So everyone within the project is a match to at least one other person within the project, but the distance between any two project members can vary considerably - some are very close, others are very distant.

And this creates a wonderful possibility - by analysing the degree of Genetic Distance between members we can construct a diagram of the branching pattern within the group which shows how closely or how distantly each member may be related to each other member. Such a diagram is variously called a phylogenetic tree, a phylogram, a cladogram, or a Mutation History Tree. The same process is used to generate evolutionary diagrams showing where all living creatures sit on the Tree of Life.

Interactive version of the Tree of life 

Mutation History Trees

This concept has important potential implications for genealogy. Theoretically, it should be possible to take the known genealogies of each member within a Lineage and hang them onto the appropriate branch within the Mutation History Tree. In this way we will have a combined tree that starts off in modern times with named individuals, goes back along each ancestral line until the named individuals run out (at each branch's Brick Wall or MDKA, Most Distant Known Ancestor), and then the tree continues back in time using genetic marker mutations instead of people, culminating at the Modal Haplotype for that particular Lineage.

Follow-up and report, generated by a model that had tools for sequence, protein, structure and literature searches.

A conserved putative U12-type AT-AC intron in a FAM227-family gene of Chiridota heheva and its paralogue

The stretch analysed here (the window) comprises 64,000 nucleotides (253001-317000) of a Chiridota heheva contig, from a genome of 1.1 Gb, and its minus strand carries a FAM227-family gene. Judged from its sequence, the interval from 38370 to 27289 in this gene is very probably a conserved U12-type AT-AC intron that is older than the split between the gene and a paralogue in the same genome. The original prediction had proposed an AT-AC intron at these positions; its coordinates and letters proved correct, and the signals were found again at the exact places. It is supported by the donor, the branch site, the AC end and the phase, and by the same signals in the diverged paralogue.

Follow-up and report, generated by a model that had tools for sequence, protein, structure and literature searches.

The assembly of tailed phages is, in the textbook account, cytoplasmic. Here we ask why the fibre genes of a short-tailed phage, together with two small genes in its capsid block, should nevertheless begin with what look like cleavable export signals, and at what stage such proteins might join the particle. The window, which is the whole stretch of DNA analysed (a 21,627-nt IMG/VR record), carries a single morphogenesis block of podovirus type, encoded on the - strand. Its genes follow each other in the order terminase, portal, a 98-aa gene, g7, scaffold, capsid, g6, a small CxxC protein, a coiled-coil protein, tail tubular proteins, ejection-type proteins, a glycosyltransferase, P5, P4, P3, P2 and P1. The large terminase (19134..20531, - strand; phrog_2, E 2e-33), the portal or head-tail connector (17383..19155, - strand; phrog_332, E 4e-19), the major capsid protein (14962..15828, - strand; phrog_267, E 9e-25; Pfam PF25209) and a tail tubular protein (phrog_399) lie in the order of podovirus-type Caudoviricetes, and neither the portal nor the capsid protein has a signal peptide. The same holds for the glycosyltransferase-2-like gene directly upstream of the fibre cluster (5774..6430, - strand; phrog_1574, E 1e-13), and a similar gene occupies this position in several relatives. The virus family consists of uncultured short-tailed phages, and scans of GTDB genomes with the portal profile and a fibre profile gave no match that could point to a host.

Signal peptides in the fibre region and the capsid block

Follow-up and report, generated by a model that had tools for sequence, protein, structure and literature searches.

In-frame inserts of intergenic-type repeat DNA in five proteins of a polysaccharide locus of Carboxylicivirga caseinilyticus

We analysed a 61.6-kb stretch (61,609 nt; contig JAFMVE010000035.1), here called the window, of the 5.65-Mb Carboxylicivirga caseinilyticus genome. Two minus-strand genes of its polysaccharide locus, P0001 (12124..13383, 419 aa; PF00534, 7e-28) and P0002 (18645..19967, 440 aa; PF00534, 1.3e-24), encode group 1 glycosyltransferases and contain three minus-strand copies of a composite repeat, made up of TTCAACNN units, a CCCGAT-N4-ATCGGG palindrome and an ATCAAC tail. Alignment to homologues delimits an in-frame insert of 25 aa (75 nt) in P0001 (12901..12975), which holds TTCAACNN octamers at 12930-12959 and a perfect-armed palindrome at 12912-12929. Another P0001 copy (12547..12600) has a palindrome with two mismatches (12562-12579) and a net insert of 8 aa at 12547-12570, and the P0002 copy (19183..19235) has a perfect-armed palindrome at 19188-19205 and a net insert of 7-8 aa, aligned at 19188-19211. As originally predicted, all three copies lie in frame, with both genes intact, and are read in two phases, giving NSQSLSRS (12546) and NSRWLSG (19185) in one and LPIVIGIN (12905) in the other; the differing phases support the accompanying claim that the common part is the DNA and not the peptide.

A combined Family History Tree & Mutation History Tree